“I am still working for the NSA right now. They are the only ones who don’t realize it.”
— Edward Snowden
Can Snowden, striking as he does at the heart of our system of governance be a loyal patriot? Can he be anything else?
For most of history, being opposed to the government was treachery.
The more munificent of the empires of time could allow for a bit of disagreement here and there, but the majority were compelled, sometimes by their own laws, to torture dissenters and put them to death. Law has never been a natural function of justice, but of organized force. Placing justice above that force was a relatively recent societal innovation. In most of history, the elites and kings represented what was right, and made law. By definition, disagreement was illegal and wrong.
Democracy was supposed to be different. It was supposed to be more flexible, not just for the benefit of the dissenters, but to keep the whole project from spiraling into the kind of craziness that caused empires and great nations to rot, fail, and fall from within. The rule of law became justice as it represented the needs of people, not just the majority, but of wisdom and progress — a balancing of thought and time.
History taught us opposition was not only a right, but the only quality that kept power sane. As power devolved to populations over the last few centuries, and higher rates of literacy let many wise people compare the present to the past, cultures came to understand how often those who disagreed with power were not only right, but often trying to avert a disaster so complete that it would cost a nation its very self.
Dissent needed a place of honor at the table, no matter how hard that was to sit with.
In the slow and difficult civilizing of political discourse that has accompanied democratic history, governments had to find ways of describing the political opposition other than as traitor. A term born in Victorian Britain made this point elegantly: Her Majesty's loyal opposition. It was the term for those who departed from the prevailing opinion, a term that acknowledged that disagreement, even disagreement you take action on, was not treason.
If Parliament is to be preserved as a living institution His Majesty’s Loyal Opposition must fearlessly perform its functions. When it properly discharges them the preservation of our freedom is assured. The reading of history proves that freedom always dies when criticism ends. It upholds and maintains the rights of minorities against majorities. It must be vigilant against oppression and unjust invasions by the Cabinet of the rights of the people… It finds fault; it suggests amendments; it asks questions and elicits information; it arouses, educates and molds public opinion by voice and vote. It must scrutinize every action by the government and in doing so prevents the short-cuts through democratic procedure that governments like to make.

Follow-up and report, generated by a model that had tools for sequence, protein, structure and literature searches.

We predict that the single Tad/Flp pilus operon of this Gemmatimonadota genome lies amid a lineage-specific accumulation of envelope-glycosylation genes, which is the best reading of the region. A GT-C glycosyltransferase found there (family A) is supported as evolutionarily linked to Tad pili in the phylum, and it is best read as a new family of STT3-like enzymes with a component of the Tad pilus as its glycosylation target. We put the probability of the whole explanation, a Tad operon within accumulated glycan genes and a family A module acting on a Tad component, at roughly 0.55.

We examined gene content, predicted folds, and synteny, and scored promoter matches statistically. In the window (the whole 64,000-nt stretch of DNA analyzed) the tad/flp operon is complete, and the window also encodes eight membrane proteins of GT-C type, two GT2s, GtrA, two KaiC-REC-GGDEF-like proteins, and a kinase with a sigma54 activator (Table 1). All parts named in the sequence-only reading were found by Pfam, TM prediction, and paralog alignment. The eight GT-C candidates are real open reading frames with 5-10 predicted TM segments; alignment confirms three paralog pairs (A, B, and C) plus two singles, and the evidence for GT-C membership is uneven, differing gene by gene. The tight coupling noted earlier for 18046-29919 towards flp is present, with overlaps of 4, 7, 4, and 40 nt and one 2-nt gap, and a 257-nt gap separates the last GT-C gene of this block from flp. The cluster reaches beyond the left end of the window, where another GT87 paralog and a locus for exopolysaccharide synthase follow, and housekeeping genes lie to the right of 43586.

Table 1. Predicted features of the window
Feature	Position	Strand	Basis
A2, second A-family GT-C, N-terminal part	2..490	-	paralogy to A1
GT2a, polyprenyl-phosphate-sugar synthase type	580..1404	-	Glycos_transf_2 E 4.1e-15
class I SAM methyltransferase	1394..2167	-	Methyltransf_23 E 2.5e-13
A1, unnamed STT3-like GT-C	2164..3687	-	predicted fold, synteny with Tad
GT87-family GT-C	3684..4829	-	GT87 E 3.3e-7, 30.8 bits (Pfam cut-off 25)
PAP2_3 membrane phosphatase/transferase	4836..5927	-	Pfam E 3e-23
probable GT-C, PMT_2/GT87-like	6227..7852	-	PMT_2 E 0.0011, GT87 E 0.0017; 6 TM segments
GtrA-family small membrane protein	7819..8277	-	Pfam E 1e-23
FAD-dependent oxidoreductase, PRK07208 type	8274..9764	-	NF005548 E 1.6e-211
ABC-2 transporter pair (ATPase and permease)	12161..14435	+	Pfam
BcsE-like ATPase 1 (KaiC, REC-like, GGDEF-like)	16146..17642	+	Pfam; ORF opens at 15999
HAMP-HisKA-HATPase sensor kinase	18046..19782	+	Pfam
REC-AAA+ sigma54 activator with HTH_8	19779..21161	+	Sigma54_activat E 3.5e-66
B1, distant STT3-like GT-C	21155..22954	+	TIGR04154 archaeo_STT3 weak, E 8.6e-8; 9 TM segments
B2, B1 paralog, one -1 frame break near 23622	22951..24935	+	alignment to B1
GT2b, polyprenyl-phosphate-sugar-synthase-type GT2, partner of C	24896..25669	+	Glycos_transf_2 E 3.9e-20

— Canadian Prime Minister, John G. Diefenbaker, 1949.
The Loyal Opposition says to us: we can disagree and be on the same side in a greater sense. And perhaps the most important feature of the Loyal Opposition is that it reminds us of the greater sense.
For the last 40 years, the American parties have steadily polarized on every issue. They goad each other, call each other traitor, and behave without honor in a winner-takes-all politics reminiscent of the late hours of corrupt dynasties.
This idea of a common fate that is greater than our immediate political battles is lost in our America. Instead our politicians stumble blindly into the future like brawlers on a cliff's edge.
In a country where you are either with us or with the terrorists, there is no space for a loyal opposition. There is no enfranchisement of the shadow government, and all forces push in one direction. Without a loyal opposite you end up with insanities no one can really support, but are politically impossible to back down on. Out of control prisons, failed drug policy, endless wars. Failed social services and banks that can't be prosecuted -- all these are what happens without a loyal opposition. Life becomes an endless state of exception no one can question in anything but cosmetic ways.
Today the only real political opposition comes from the internet. It was the net that killed SOPA, it was the net that killed ACTA. The net was pivotal in the Arab Spring, the Occupy movement, and the halting and difficult rebirth of feminism and queer activism we are at the start of.
The net's strange aggregation of attention is pushing back on both the good and the bad. The net has made opposition incorporate and omnipresent. Not all the opposition is loyal, much of it is just screaming.
Dissent, lacking its seat at the table of power, has become the air itself.
In Edward Snowden’s careful comportment, America finds its loyal opposition -- the honorable opponent with the goal of the common good. His loyalty is demonstrated by his choice of curation and publication. If he were a disloyal servant of either Russia or China we would never have heard of him. That he lives abroad now reflects terribly on the leadership of America -- our critics must hide behind uncooperative powers now, instead of taking their rightful seats at the tables in Washington DC.
Starved of real criticism our freedom is slowly dying, and our Congress is less and less a living institution.
Right now, Snowden is our national shame. The Snowden revelations shouldn't have happened. They shouldn't have been necessary. We shouldn't have to depend on one smart young man giving up his life for our accountability. We should all be ashamed that Snowden is our Loyal Opposition. That he had to do what he did is our failure as a nation. But for now, until we have reinstated the Loyal Opposition to their rightful seats of power, we should honor Snowden as the Loyal Opposition, and remember that we are still a lucky country.
Without a vibrant opposition the best one can hope for is Edward Snowden.